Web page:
Don’t remember what I did, but I gave up my back at one point. He spazzed then, too, trying to finish, but again, he must not know the RNC. Sure, he was squeezing my head and I couldn’t move, but there was no chance of a finish, so I just waited him out. He did cross his ankles, so I went for the ankle lock; he started kicking his legs around, though, so I let go, but that loosened his arms and I got my shoulders to the mat. He spasmed his way into mount. Knee/elbow, back to guard.

Drilling next. Mount to armbar. You’re in mount, and they’re T-rexing their arms, but up high to protect their neck. Reach behind their head with one hand and then pull up, driving your elbow into their shoulder. Now slide up and around to the side opposite the arm that’s grabbing their head to get in position for the armbar.

I worked with Brandon, and we just went to the s-mount there and then reset. Justin stopped by us at one point and showed us to keep control of their head even until you’re stretching out the armbar, like the choke or armbar we did with the gi, so then we started locking up the arm and sitting back partially. We drilled for a long time, so we started resisting each other more. I noticed that when he was resisting, I’d sometimes have to hold my position and concentrate on driving that elbow into his shoulder and wait for him to relax, else I couldn’t drive past his elbow and get to the s-mount. I should have also asked him to bridge some so I could go back to mount control, but I didn’t think of it until later.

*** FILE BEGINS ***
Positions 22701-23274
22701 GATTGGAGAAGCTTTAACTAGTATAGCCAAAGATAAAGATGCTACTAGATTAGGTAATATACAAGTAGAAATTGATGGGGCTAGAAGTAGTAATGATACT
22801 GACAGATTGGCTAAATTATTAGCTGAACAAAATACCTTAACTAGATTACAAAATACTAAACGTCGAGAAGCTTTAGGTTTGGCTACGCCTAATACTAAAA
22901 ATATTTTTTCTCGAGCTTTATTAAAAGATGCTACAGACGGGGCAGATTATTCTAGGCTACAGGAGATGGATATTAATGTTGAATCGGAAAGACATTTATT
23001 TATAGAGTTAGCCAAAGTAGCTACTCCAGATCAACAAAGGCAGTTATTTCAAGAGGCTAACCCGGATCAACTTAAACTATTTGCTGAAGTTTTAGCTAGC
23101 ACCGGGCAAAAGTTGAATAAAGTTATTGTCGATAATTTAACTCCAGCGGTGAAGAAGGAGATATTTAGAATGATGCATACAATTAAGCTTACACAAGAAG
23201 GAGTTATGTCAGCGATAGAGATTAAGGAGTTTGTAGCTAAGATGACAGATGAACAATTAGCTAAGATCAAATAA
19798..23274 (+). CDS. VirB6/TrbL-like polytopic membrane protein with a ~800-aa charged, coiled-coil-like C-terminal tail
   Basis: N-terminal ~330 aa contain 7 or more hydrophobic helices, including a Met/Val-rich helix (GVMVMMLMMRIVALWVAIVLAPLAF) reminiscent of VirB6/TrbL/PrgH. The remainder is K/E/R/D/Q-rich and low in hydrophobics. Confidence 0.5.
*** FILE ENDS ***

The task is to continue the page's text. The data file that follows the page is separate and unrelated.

One more roll. Grabbed Brandon. He asked me what was wrong with my foot, since I had it all taped up again, and I told him Sundance broke my toe. Said I’d mostly be looking to stay on the bottom because of it; as with Will, he’d sometimes try to go to his back, I’d just sit back down, and then he’d come up and take top. I started trying to pull guard, while he started with a knee up. We got into a position that Buddy and I had once drilled an escape for, a half-guard to the back — which I conveniently can’t find right now — so I went for it and hit it beautifully… and then brought my head up too quickly, too center-line, and too square, and cracked my face on his forehead. We stopped for a few seconds to check me out, but I was okay so we kept going. It might be a big bruise tomorrow, though.

I had a switch escape (!!), thanks to John’s help, though he scrambled away. I think I need to come through closer to their leg. Got good position for several more but couldn’t move fast enough to get them. Tried several single-leg sweeps, but couldn’t get them and couldn’t switch to the underneath sweep there because his base was too good. Somehow did get mount once — no clue how — and went for the move from class; he bumped out, though. Gave up my back again (!!), but recognized it quickly and started moving before he could establish control. Tried the turtle sweep a couple of times when he let me work from there, but must have been fouling it up because it didn’t work.

I’m heading up the road to Richmond for a class tomorrow night, an open mat Saturday, and an open mat Sunday. Large girl population predicted on the mats this weekend. Yayness!